The diplomat was one of several foreign envoys who spoke to Foreign Policy on condition of anonymity out of concern that they might be seen as interfering in the American political campaign. However, the U.N. high commissioner for human rights, Prince Zeid Raad Al Hussein of Jordan, denounced Trump’s calls for a ban on Muslims entering the United States as “grossly irresponsible.”
“The United States is a republic founded on the dignity of the individual, the rights of the individual,” Zeid, who previously served as Amman’s ambassador to the U.N. and the United States, told a small group of reporters in December. “The danger of classification and categorization … dehumanizes. It can lead to victimization of the innocent.”
A spokesman for U.N. Secretary-General Ban Ki-moon declined to directly respond to Trump’s criticism of the United Nations. But the official defended the world body’s record of support for the United States and Israel.
“The United Nations includes all the world’s democracies among its member states, notably the United States, which has been a strong partner of the United Nations ever since it played a leading role in the creation of the U.N.,” spokesman Farhan Haq told FP. “And the U.N.’s strong support for Israel, from the resolutions that supported the founding of the state of Israel, has continued to the present day.”
The Obama administration has a number of opportunities remaining to leave its stamp on the organization, including by playing a lead role in selecting a new secretary-general to succeed Ban Ki-moon, who will complete his term at the end of December. The United States is also leading efforts to secure support this summer for a U.N. General Assembly resolution strengthening the U.N.’s commitment to fighting violent extremism. The White House may also decide to champion the adoption of a first-ever General Assembly resolution promoting lesbian, gay, bisexual, and transgender rights.
In his AIPAC speech, Trump lambasted the U.N. for its “utter weakness and incompetence” and voiced alarm about discussions “to bring a Security Council resolution on terms of an eventual agreement between Israel and Palestine.”
“Let me be clear: An agreement imposed by the United Nations would be a total and complete disaster,” he said. “The United States must oppose this resolution and use the power of our veto, which I will use as president 100 percent.”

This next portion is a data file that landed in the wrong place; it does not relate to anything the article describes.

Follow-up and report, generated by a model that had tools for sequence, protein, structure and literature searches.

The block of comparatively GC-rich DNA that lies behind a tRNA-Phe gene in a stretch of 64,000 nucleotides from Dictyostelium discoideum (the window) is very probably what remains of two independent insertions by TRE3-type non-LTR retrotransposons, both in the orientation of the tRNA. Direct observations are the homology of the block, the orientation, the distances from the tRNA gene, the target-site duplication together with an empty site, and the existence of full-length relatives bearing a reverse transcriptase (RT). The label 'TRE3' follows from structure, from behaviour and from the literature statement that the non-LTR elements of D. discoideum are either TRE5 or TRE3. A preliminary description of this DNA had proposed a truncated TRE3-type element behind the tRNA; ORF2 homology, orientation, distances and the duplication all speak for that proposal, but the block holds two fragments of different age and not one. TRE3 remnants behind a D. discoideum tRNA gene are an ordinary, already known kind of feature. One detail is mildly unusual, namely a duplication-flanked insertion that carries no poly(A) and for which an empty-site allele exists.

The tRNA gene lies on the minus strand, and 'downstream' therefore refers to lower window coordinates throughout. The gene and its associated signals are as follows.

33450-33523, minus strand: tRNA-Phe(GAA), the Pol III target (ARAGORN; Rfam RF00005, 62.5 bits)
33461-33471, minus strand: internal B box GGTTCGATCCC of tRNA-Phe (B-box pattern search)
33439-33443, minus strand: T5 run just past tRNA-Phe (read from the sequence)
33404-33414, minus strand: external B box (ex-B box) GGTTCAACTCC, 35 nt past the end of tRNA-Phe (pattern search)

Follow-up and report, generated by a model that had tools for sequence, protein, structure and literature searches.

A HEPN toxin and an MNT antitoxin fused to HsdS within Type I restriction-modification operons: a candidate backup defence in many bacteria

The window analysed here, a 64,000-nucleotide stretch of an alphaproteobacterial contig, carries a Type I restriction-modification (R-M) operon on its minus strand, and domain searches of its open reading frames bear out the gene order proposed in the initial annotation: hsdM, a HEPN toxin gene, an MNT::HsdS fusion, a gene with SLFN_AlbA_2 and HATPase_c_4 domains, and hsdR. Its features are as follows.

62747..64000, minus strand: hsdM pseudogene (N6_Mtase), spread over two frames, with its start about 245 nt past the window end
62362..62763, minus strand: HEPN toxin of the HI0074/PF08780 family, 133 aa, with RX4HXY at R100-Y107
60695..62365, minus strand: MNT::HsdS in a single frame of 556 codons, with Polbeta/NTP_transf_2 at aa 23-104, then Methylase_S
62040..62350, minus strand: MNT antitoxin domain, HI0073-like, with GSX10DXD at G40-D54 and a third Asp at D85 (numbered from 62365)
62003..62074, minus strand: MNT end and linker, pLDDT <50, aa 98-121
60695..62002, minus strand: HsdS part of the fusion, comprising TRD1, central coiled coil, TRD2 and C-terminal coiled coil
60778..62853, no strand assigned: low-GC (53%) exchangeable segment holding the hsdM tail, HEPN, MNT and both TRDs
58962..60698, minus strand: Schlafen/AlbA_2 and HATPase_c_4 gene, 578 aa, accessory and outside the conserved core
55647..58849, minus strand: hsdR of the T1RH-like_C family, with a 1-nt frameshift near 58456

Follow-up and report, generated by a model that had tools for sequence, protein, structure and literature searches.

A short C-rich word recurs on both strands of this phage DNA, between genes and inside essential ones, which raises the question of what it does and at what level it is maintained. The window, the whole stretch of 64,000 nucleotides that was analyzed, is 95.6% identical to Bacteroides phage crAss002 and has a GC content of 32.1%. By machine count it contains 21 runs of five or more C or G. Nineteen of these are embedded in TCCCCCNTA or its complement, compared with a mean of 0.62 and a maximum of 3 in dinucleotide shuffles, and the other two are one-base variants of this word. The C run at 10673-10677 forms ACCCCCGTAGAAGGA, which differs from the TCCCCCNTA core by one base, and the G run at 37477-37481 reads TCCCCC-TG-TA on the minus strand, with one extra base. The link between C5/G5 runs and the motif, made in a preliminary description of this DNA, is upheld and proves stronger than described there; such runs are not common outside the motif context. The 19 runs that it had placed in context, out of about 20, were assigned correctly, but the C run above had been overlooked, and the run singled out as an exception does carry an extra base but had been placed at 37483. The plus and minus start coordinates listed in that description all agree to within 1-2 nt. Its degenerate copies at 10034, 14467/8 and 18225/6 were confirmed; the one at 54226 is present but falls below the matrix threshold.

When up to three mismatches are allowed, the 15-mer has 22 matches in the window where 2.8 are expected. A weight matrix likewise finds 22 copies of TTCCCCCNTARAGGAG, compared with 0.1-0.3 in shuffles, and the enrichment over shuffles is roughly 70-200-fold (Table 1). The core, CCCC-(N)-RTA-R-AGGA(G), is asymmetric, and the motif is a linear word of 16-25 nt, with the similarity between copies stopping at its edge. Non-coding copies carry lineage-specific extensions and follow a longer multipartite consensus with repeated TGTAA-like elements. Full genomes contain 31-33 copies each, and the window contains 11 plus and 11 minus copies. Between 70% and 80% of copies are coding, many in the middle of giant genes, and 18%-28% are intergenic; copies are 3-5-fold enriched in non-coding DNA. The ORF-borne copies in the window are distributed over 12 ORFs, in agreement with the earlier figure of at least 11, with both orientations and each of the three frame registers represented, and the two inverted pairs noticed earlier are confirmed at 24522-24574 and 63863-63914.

Trump isn’t alone in his wariness of a U.N. resolution imposing a peace plan. Democratic front-runner Hillary Clinton also vowed in her own address to AIPAC to “vigorously oppose any attempt by outside parties to impose a solution, including by the U.N. Security Council.” But Clinton didn’t rule out U.N. action to pressure Israel to halt its expansion of settlements on Palestinian lands, a perennial source of tension between Israel and the United States dating back decades. And Clinton steered clear of bashing the United Nations.
“It’s significant if the ‘nearly nominee’ of a major party has those views about the United Nations,” said the senior U.N. diplomat. “We were talking about it to each other and thinking about what it means.”
If anything, said another diplomat, Trump’s momentum has “accelerated” the pace of diplomatic work around the U.N. “We either move the ball forward on a number of issues and see what we get or we wait until Jan. 20, when we are faced with — assuming Trump gets elected — a big question mark.”
Like so many of his views, Trump’s attitude toward Turtle Bay has evolved over time, apparently depending on his needs of the moment.
When he was seeking then-U.N. Secretary-General Kofi Annan’s blessing in 2005 for the contract to oversee the renovation of U.N. headquarters, he gushed with praise.
“I am a big fan, a very big fan, of the United Nations and all it stands for,” Trump said at the time.